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All The News Thats Fit to Blog

November 30, 2007

Ashley Murphy
Professor Walker
COMM 275
Blog Paper

All The News That’s Fit to Blog

Dissident media has evolved and greatly expanded with a great amount of help that can be accredited to the internet. Matt Welch writes in his article, “Blogworld and It’s Gravity: The New Amateur Journalists Weigh In,” that, “blogging technology has. . . given the average Jane the ability to write, edit, design, and publish her own editorial product,” (Welsh 22). Blogging and the internet has greatly improved the ability to express one’s opinion regarding virtually anything, however, it has also has stirred controversy over what is considered journalism and what is dissident.

The purpose of dissident media is to provide a different view on a topic. Merriam-Webster Online dictionary defines dissident as, “disagreeing especially with an established religious or political system, organization, or belief,” (Merriam-Webster Online). Dissident media was formed with the focus of showing stories in a different light than main-stream media as well as covering topics that main-stream media either does not cover or does not cover to its fullest. In the past, dissident media can be seen as pamphlets, radio broadcasts, and newspapers such as The Revolution (Steitmatter). Today the presence of these medias is still alive, yet the internet has become a center for dissident media especially blogs.

Blogs not only became a place for people to vent regarding an issue, blogs are now places that people write news stories and many are looked at in a professional light. Blogs have allowed citizen journalists to flourish and give internet users an option besides main-stream media news. The use of blogs on the internet allows readers to view and also write news on numerous stories that may not be found in main-stream publications and blogs also provide a sense of timeliness that newspapers cannot. As soon as news breaks, bloggers can write a news story and post it without the hassle of editors and having it printed in a paper. In many cases news blogs are a way for citizen journalists to “keep the media honest,” as Markos Moulitsas Zuniga says in an interview with Michael Skube (Skube). Skube writes that blogging implies “all the liberties of a traditional journalist but few of the obligations,” (Skube). The ability to voice an opinion to millions of people at a time without having to be a part of the New York Times or Washington Post is very powerful and blogs allow citizen journalists to do that.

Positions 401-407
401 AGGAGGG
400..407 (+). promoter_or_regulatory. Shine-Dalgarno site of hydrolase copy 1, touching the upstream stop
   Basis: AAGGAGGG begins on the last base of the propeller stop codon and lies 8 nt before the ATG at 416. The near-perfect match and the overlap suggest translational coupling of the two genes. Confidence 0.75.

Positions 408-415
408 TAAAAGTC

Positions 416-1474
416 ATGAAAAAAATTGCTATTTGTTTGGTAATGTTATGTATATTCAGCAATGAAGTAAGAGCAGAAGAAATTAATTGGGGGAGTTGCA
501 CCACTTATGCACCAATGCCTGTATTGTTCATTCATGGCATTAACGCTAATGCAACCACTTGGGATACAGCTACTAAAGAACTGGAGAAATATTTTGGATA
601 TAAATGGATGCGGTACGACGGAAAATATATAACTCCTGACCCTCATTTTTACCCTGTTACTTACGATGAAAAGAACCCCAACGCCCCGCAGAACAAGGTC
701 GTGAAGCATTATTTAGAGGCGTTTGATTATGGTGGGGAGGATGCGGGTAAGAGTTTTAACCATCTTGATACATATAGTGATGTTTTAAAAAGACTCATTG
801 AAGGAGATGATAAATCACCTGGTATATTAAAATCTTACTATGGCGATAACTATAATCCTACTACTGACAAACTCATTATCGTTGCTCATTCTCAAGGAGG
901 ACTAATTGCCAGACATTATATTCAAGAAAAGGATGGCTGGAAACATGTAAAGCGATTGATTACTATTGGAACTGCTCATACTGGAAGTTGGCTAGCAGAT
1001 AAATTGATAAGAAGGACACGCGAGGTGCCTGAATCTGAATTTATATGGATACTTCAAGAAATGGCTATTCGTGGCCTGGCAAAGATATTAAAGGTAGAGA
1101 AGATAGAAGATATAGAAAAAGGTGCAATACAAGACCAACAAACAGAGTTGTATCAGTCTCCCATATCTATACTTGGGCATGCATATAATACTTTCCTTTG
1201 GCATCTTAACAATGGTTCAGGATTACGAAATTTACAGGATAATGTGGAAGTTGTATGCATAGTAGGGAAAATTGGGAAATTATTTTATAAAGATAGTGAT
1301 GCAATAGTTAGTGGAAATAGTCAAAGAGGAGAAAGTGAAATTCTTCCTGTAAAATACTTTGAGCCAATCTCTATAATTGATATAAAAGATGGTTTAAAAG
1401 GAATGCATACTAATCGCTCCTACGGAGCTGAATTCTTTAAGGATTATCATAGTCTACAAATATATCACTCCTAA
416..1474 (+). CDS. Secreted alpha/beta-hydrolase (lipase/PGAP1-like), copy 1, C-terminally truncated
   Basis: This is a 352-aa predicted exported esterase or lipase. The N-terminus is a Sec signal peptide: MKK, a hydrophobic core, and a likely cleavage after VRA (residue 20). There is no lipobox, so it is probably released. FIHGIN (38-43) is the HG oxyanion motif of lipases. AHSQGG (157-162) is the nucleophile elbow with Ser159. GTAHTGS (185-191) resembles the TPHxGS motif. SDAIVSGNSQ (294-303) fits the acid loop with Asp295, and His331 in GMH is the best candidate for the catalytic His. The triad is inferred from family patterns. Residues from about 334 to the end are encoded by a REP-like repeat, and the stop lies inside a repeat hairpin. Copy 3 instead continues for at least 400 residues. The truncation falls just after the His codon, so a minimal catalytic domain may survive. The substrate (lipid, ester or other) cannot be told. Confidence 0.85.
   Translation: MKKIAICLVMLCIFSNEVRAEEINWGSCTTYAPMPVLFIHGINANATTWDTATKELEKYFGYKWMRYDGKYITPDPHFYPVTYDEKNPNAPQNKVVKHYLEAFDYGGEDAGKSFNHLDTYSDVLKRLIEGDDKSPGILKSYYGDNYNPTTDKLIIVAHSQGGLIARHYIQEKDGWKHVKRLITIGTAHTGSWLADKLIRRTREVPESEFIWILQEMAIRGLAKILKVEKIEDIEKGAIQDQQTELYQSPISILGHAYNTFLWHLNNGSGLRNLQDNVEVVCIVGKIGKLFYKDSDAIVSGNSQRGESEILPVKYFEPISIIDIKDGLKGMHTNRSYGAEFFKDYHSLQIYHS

However not all blogs can be looked at as serious forms of news and some blogs have discredited the name of those citizen journalists who do take blogging serious and use their blogs to provide the public with hard hitting serious new stories. Skube writes in his article, “Blogs: All the noise that fits” that, “bloggers now are everywhere among us, and no one asks if we don’t need more full-throated advocacy on the Internet. The blogosphere is the loudest corner of the Internet, noisy with disputation, manifesto-like posting and an unbecoming hatred of enemies real and imagined,” (Skube). For those embracing the crusade of making blogging a notable form of journalism, it is a bumpy road. The internet allows anyone to start their own blog, an emphasis on anyone, and some blogs hinder the cause of making blogging a serious form of journalism.

In the world of activism, blogs provide a source of constant communication regarding progression and news. They can also form a sort of pseudo community that allows people to participate without being close in actual proximity. Activist blogs can update participants with rallies, protests, and news regarding their cause. Yet if the issue is not seeing any progression or if no news is occurring regarding the issue it may be hard to post on a blog as a form of activism.

Although dissident media is a form of media that goes against the norms and is supposed to disagree with a larger system, it has become very main-stream. Blogs are no longer a form of media that is seen as out of the normal. They have been accepted and integrated into society and into the lives of news viewers. The aspect about blogs that still remains dissident is the ability to have a blog about anything the creator wants. Blogs as a whole are not a form of dissident media rather a blog dedicated to a specific topic may be seen as dissident.

Works Cited

“Merriam-Webster’s Online Dictionary.” Merriam-Webster Online. 28 Nov. 2001
Skube, Michael. “Blogs: All the Noise That Fits.” Los Anges Times 19 Aug. 2007. 23 Aug. 2007
Streitmatter, Rodger. Voices of Revolution. New York City: Columbia UP, 2001.
Welch, Matt. “Blogworld and It’s Gravity: The New Amateur Journalists Weigh In.” Columbia
Jounalism Review 42 (2003): 20-26.

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